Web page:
Dual-use items are goods, software, technology, and documents which can be used for both civil and military applications ranging from raw materials to components to complete systems.
There are different regional rules and regulations around dual-use goods. Previously, we addressed U.S. export controls of commercial and dual-use goods. We have also discussed export control for transit countries.
EU Controls on Dual-Use Goods
In the EU, the EU Dual-Use Regulation (also known as Council Regulation No 428/2009) governs the controls on dual-use goods . This legislation manages the EU control of exports, transfers, brokering and transit of dual-use items. Under the EU regulation, controlled items may not leave the EU customs territory without an export authorisation.
There are four types of export authorisations:
- EU General Export Authorisations (EU GEA): allow for export of dual-use items to certain destinations if:
- exports to Australia, Canada, Japan, New Zealand, Norway, Switzerland (including Liechtenstein) and United States
- export of certain dual-use items to certain destinations
- export after repair/replacement
- temporary export for exhibition or fair
- National general export authorisations (NGAs): issued by individual EU countries if they:
- do not conflict with existing CGEAs
- do not cover any of the items listed in part 2 of Annex II to Regulation 428/200
- France, Germany, Greece, Italy, Sweden, the Netherlands, and the UK have these authorisations
- Global authorisations: granted by individual EU countries to one exporter and cover one or more items to one or more countries or end users
- Individual licenses: granted by individual EU countries to one exporter and cover exports to one end user.
The EU regularly updates the list of controlled items in line with the decisions taken in the export control regimes.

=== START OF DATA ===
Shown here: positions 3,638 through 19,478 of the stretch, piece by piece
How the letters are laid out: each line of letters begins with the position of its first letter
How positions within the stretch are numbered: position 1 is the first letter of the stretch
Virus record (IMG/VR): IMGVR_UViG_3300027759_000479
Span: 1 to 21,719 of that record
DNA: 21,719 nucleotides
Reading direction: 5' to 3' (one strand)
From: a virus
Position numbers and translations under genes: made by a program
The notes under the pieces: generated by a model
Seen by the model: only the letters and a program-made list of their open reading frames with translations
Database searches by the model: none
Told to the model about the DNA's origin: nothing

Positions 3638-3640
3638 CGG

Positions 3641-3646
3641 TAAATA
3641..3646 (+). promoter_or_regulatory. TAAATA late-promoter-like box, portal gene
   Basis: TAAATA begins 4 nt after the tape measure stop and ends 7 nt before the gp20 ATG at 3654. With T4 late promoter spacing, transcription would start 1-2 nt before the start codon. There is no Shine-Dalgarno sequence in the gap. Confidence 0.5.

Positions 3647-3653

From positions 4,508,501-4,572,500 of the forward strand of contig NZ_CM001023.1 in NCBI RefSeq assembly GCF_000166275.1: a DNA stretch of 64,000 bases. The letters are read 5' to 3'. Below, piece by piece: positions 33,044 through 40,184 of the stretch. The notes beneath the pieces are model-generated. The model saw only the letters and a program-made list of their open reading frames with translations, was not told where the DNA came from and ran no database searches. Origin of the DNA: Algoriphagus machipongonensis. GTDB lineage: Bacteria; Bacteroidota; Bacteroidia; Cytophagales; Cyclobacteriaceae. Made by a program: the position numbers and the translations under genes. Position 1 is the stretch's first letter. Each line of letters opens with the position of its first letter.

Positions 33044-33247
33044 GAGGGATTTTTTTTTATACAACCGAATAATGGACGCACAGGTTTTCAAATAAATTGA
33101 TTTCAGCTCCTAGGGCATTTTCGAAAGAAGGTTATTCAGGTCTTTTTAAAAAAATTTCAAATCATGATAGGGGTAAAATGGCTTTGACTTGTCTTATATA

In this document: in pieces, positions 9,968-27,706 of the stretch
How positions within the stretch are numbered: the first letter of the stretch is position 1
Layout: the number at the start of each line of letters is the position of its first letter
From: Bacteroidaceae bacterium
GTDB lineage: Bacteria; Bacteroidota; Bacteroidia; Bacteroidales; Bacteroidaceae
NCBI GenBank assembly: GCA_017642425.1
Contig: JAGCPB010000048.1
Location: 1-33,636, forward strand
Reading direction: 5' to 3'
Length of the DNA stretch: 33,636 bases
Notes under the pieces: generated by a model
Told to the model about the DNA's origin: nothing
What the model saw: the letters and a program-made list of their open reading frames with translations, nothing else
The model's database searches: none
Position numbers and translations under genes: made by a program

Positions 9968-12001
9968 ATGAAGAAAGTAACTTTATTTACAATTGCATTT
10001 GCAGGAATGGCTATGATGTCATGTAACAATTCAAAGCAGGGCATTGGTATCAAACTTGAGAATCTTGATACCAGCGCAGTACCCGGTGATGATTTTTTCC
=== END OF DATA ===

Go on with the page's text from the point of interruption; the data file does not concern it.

Regulation 428/2009 is applicable in all EU countries, including the UK.
UK national controls on dual-use goods
In addition to dual-use goods controlled by the EU Dual-Use Regulation, there are a few dual-use items which are controlled by UK legislation. The UK Dual-Use List, which is part of the UK Strategic Export Control Lists, includes these items.
The UK Strategic Export Control Lists specifies whether any products or technology that you intend to export are controlled and therefore require an export licence.
Are my items on a Control List?
The Export Control Organisation (ECO) authorises export licences of strategic goods for the UK Government. Using ECO’s tools, you can determine if your items are controlled.
For items listed on the Control Lists, you will need to apply for an appropriate export licence through ECO.
For items not listed on the Control Lists, the ECO can cite ‘End-Use Controls’ if there are concerns about military or weapons of mass destruction end-use.
Difference between the UK Trade Tariff and the UK Strategic Export Control Lists
It is an exporter’s responsibility to check whether items require an export licence issued by the ECO. You should apply for licences with plenty time before the shipment to avoid potential problems or delays.
Furthermore, it’s important to note the differences between the UK Trade Tariff and the UK Strategic Export Control Lists.
As previously mentioned, the UK Strategic Export Control Lists determines whether your exports are controlled and thus require an export licence.
The UK Trade Tariff is an informational guide for dispatching and acquiring goods traded worldwide and the rates of duty payable. The Tariff can be used in completing customs declarations.
Since the UK Trade Tariff can only broadly indicate whether an export licence is required, you should consult the UK Strategic Export Control Lists to determine whether your goods might need a licence.